De-Merger Regimes in Europe - Are National Deconcentration Powers an Appropriate Tool for Enhancing Competition in the EU?
Journal of European Competition Law & Practice, 2011, 201-216
34 Pages Posted: 30 Jul 2015
Date Written: April 12, 2011
Bigness as such is not an offence in the EU. Nonetheless, in several EU- and Non-EU-jurisdictions there exist powers to order the breaking up of large firms if this is deemed necessary to remedy adverse effects on competition even if they were not created by an unlawful merger or by abusive behaviour of a dominant firm. This raises the question whether such national deconcentration laws are actually an appropriate antitrust tool. The effectiveness of such provisions is highly questionable. Potential social benefits must be balanced with its expected social costs. Market design through de-merger orders might seem a compelling idea but runs the risk of eliminating efficiencies and deterring growth and innovation. Above that, US experience tells us that deconcentration proceedings are cumbersome and protracted. Moreover, it is far from clear whether such “de-merger” laws are in compliance with EU primary law. National powers to deconcentrate large firms undermine the Commission’s jurisdiction under the European Merger Regulation and contravene the European competition law order as implemented by the EU. In light of the foregoing, the German lawmaker has finally rejected in 2011 the idea to create such a deconcentration regime. The present article analyses these legal end economic issues and provides an overview on several national de-merger regimes within and outside of the EU.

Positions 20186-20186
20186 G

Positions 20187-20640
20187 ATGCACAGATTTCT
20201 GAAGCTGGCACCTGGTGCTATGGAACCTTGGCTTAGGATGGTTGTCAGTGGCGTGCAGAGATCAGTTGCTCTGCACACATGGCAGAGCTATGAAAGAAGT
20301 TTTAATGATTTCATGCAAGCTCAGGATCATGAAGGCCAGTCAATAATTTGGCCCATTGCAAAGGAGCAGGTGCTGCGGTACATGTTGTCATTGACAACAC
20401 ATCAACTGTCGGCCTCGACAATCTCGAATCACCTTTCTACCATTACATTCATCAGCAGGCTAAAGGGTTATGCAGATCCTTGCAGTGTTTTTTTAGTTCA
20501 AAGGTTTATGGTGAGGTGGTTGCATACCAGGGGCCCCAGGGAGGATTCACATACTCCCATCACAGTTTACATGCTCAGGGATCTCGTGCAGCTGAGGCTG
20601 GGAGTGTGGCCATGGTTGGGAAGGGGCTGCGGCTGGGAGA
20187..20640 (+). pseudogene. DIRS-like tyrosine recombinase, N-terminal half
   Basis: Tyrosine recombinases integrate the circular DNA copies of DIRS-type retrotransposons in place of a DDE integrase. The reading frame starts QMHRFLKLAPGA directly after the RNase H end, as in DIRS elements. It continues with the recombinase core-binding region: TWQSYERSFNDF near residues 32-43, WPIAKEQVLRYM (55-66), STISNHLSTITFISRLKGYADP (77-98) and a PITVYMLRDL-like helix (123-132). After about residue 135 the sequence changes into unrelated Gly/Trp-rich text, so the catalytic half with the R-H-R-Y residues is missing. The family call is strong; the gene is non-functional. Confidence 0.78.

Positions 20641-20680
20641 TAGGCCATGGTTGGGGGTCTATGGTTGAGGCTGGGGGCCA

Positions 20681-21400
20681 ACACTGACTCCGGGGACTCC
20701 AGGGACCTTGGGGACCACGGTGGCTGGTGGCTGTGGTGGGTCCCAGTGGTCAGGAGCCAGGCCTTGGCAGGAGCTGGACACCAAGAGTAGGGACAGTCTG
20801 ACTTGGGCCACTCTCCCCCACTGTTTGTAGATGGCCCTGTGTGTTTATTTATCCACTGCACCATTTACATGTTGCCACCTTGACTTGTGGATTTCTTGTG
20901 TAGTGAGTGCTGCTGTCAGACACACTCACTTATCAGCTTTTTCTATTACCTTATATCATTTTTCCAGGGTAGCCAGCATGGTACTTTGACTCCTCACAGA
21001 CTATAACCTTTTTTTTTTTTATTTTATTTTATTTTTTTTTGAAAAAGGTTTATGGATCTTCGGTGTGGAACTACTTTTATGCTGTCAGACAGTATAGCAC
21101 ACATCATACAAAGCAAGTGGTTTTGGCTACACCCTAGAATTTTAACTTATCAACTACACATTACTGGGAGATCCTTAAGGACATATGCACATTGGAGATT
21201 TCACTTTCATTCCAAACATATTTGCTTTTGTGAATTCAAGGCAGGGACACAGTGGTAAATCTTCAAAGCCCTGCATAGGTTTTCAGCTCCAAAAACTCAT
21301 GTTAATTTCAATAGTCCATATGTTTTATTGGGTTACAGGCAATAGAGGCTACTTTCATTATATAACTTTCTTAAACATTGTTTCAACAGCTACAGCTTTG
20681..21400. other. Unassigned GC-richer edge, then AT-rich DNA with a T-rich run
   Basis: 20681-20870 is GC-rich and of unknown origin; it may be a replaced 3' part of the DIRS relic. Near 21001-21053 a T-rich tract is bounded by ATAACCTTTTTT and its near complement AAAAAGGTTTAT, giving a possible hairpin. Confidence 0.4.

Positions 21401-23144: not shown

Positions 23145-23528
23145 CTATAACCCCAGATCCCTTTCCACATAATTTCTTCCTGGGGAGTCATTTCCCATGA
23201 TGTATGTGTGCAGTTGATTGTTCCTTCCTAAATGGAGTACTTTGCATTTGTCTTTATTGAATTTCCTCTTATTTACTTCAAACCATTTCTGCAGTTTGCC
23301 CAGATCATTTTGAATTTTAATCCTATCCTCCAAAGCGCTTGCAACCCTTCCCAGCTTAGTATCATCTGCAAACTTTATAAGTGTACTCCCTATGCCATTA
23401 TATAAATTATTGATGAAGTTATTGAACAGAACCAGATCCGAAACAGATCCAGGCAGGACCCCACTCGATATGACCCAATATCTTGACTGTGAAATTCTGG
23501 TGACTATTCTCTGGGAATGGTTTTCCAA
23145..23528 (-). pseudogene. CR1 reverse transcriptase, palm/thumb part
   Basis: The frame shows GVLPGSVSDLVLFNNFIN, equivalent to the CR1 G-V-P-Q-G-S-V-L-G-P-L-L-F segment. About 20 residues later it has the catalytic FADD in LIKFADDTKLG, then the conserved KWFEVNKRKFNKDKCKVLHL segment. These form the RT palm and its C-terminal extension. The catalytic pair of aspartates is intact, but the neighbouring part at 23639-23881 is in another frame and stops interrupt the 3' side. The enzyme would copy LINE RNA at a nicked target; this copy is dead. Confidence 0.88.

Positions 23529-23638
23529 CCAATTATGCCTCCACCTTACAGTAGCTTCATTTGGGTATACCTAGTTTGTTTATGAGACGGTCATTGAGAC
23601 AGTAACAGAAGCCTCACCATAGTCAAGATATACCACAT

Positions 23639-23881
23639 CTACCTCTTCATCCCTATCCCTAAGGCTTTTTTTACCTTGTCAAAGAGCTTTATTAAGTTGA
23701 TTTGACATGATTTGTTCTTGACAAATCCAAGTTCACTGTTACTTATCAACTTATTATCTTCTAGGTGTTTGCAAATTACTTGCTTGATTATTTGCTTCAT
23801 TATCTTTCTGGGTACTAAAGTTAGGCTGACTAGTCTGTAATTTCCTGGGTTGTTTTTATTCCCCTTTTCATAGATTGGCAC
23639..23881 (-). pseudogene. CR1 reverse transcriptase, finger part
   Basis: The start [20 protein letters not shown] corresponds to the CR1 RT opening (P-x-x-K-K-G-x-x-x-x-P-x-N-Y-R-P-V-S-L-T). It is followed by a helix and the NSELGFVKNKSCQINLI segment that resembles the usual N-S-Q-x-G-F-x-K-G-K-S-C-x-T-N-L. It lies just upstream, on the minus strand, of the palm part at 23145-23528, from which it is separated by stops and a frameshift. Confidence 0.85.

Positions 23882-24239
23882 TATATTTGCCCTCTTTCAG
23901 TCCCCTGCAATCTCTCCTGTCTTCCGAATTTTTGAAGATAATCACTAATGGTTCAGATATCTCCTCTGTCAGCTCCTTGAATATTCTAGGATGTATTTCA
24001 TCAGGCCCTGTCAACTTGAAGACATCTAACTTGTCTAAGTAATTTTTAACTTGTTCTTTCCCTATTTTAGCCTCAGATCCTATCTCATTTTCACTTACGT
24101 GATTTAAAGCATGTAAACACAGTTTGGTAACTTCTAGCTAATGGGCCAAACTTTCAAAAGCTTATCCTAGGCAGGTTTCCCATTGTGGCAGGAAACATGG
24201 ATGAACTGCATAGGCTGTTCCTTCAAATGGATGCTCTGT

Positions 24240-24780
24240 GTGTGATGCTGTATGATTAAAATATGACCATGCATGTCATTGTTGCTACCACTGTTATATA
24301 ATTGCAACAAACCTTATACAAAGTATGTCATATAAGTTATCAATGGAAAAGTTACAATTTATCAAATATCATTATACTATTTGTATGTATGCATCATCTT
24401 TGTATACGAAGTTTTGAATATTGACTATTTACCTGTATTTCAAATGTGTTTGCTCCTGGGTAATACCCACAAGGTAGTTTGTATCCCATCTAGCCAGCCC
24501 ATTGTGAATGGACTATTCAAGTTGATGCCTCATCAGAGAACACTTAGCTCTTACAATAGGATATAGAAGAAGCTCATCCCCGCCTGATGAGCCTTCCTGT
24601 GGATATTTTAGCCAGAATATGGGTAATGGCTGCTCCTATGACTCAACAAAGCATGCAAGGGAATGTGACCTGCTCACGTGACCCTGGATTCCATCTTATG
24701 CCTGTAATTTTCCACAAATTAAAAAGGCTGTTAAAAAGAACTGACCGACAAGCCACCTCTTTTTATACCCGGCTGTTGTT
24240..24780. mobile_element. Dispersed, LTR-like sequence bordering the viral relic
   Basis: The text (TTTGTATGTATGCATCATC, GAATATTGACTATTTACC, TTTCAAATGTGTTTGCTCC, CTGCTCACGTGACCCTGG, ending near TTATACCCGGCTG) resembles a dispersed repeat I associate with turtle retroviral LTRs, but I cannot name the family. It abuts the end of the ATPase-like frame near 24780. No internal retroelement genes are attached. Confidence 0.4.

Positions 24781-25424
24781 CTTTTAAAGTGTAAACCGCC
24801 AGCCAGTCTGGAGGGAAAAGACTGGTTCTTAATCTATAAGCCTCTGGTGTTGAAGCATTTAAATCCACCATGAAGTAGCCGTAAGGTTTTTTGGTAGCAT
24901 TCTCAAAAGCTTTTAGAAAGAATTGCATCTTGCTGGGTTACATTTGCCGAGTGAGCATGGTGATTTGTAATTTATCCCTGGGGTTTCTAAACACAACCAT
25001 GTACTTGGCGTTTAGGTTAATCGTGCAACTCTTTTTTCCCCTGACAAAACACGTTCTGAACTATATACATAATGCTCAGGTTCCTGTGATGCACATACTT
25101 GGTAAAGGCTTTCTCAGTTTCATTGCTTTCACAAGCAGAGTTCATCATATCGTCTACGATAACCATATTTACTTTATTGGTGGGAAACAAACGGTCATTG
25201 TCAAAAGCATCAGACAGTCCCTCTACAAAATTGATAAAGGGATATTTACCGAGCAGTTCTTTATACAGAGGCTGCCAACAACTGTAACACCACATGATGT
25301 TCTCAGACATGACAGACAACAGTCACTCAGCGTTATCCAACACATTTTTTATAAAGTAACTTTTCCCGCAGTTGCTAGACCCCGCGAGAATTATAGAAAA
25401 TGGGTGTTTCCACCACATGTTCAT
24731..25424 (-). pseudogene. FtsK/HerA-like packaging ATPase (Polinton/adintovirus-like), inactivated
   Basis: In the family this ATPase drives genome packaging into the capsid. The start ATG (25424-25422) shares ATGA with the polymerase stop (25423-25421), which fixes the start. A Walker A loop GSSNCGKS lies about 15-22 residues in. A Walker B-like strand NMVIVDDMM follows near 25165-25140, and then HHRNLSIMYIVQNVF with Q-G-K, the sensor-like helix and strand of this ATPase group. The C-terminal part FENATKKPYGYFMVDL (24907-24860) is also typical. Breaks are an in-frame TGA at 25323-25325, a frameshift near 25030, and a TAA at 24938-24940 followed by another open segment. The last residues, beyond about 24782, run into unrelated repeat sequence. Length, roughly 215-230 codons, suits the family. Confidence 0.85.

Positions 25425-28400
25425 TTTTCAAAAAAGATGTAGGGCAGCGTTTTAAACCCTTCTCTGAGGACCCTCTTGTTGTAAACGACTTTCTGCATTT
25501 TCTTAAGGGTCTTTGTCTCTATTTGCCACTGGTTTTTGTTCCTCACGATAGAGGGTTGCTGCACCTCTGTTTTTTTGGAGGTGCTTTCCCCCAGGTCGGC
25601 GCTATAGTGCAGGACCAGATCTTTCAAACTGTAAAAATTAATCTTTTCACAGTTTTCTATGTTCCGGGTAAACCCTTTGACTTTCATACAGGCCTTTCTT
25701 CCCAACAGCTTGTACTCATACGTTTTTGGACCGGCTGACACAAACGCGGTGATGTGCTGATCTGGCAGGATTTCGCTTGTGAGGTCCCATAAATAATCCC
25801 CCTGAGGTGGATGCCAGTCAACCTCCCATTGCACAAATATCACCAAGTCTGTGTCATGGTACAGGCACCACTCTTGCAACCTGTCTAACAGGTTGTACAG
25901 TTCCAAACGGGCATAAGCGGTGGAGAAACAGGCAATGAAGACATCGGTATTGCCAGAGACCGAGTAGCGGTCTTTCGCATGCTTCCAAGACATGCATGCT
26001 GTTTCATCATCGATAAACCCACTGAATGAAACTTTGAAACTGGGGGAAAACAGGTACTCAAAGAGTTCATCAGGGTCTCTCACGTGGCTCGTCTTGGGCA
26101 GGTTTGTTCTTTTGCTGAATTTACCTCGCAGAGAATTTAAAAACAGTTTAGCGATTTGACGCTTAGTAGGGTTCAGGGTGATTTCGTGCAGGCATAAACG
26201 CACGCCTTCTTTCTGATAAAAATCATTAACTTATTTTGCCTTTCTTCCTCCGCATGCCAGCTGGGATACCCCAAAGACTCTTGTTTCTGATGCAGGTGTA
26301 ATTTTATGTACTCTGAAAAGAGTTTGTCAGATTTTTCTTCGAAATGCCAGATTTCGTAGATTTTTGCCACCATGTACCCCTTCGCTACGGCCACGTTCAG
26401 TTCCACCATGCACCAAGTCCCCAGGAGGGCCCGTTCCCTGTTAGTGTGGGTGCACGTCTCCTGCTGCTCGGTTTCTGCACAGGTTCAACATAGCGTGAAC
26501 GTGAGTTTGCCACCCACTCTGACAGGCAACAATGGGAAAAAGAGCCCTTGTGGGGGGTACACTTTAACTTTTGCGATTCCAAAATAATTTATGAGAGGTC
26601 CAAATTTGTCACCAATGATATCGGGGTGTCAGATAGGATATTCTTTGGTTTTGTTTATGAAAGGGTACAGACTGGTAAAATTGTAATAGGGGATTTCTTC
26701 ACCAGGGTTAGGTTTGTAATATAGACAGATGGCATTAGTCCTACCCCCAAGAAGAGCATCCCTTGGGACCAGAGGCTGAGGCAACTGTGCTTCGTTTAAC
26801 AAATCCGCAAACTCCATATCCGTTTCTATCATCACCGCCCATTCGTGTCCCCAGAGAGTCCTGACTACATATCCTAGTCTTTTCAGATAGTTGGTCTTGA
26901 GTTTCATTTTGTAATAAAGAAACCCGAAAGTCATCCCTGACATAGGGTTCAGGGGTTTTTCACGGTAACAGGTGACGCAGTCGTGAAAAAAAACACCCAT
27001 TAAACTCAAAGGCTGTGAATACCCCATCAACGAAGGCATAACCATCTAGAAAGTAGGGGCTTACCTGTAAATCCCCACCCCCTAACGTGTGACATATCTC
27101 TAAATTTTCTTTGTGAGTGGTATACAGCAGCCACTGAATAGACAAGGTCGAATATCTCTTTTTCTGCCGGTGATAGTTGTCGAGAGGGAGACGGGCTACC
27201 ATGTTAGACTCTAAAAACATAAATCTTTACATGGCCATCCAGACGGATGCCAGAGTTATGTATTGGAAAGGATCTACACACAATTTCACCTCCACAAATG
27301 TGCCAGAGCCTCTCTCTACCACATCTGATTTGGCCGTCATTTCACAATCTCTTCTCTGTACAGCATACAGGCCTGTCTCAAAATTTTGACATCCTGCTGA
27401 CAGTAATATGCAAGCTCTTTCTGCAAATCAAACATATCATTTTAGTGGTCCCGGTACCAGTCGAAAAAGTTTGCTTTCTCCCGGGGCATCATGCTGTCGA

Keywords: antitrust, dominance, deconcentration, de-merger, breaking up firms
JEL Classification: K20, K21, L12, L13, L40, L41, L43, L50
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